- As the industry pushes toward better EHR interoperability, several different projects have emerged. Between privately-funded projects aimed at increasing data exchange and government initiatives using interoperability to achieve a larger end, interoperability has been thrust into the limelight of health IT innovation.
EHRIntelligence.com has put together a round-up of some of the most notable health IT interoperability initiatives, providing background on the progress of those initiatives.
Since the start of 2016, Carequality has been busy adding framework members in several major EHR vendors including athenahealth, eClinicalWorks, Epic Systems, NextGen Healthcare, and Surescripts.
This framework, announced back in December, will put legal terms, policy requirements, technical specifications, and governance processes. This will make data sharing less costly because each vendor will have one set of legal and governance policies to work with, rather than determining individual agreements amongst each other.
“The adoption of the Carequality Framework represents a major leap forward for nationwide interoperability,” explained Dave Cassel, director of Carequality, in a statement. “By these organizations committing to unified Rules of the Road, they are simplifying system-to-system connections to make data exchange easier for a significant portion of the healthcare ecosystem.”
CommonWell likewise is adding more and more vendors to its health data sharing network, although they are still lacking EHR giant Epic Systems.
As of the middle of January, CommonWell had added McKesson to its services. Other notable alliance participants include Cerner Corporation and Greenway Health, both of which signed onto CommonWell’s services last November.
21st Century Cures Act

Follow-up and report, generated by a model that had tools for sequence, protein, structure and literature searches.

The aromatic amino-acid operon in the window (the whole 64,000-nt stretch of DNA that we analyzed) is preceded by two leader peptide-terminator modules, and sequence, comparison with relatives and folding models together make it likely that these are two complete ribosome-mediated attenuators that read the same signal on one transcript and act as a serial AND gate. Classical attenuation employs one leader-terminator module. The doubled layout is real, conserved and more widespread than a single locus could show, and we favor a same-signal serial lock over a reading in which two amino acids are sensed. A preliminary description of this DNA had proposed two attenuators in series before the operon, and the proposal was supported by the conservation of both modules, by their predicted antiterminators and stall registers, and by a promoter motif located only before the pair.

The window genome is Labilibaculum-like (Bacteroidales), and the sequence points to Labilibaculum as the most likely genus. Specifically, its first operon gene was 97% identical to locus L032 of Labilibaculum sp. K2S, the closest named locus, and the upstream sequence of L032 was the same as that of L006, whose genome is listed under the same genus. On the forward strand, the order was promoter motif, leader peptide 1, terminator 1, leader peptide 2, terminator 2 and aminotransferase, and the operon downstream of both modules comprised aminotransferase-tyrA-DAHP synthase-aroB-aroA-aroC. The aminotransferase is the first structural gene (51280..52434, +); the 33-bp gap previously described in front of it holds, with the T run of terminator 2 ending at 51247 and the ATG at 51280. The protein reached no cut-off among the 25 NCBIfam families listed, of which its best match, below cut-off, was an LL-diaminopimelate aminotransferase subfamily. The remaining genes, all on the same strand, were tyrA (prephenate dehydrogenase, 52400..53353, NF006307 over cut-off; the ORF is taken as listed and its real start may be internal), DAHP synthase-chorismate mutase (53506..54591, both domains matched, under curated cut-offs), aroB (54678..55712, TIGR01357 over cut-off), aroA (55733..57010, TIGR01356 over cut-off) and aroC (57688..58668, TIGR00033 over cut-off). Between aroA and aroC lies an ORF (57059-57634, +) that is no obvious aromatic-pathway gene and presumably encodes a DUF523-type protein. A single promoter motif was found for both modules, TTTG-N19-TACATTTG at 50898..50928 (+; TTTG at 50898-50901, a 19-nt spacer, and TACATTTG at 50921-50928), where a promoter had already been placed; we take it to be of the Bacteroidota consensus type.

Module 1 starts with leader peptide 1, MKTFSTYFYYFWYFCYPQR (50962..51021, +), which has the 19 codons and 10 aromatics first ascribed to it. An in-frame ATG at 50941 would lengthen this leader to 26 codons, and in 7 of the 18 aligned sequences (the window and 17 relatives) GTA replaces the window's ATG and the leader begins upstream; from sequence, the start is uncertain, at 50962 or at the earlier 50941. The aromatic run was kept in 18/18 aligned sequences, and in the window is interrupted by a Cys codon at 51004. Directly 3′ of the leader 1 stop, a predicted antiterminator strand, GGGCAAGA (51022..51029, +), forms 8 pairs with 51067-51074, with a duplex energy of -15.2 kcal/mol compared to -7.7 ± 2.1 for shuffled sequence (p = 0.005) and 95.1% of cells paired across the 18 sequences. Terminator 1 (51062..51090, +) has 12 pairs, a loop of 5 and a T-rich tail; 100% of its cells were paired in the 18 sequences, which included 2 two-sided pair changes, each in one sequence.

The 21st Century Cures Act, a major piece of legislation aimed at streamlining the pharmaceutical process by adding more funding to the National Institute of Health and the FDA, has most recently passed through the House of Representatives in a 344 to 77 vote.
The bill, which is circulating the Senate, includes several provisions that would improve the nation’s efforts toward improving precision medicine by bolstering clinical trials and big data analytics systems. It would also streamline drug approvals, create a council for the 21st Century Cures, expand access to breakthrough drugs, and address health IT interoperability.
The bill’s interoperability policies provide funding to the NIH to create a set of national standards for health IT.
An array of different projects, both private- and government-funded, are gathering their efforts toward increasing precision medicine.
Several different startups, many of which are housed at the American Medical Association’s (AMA’s) Innovation Center in Chicago, are working toward improving health IT interoperability, many in the name of precision medicine.
The FDA likewise is working toward eradicating interoperability challenges in order to facilitate precision medicine. Last August, the agency announced crowd-sourcing efforts to help carry out the President’s vision for precision medicine.
The Improving Medicare Post-Acute Care Transformation (IMPACT) Act, an initiative out of the Centers for Medicare & Medicaid Services, requires standardized patient assessment data for quality measures and resource use.
However, as of last summer, this act did little to facilitate interoperability amongst providers, a call the American Hospital Association made in a comments letter back in June. Lack of clarity about standardization and interoperability is cause for concern considering the fact that CMS is calling for standardized measures in the act.
"The IMPACT Act requires that CMS adopt the same measurement domains for all post-acute care QRPs, and that the measures be 'standardized and interoperable' across post-acute care facilities," wrote AHA’s executive vice president Rick Pollack. "However, the statute does not provide specific operational definitions of these two terms. We believe how CMS interprets these terms will have significant implications for post-acute providers."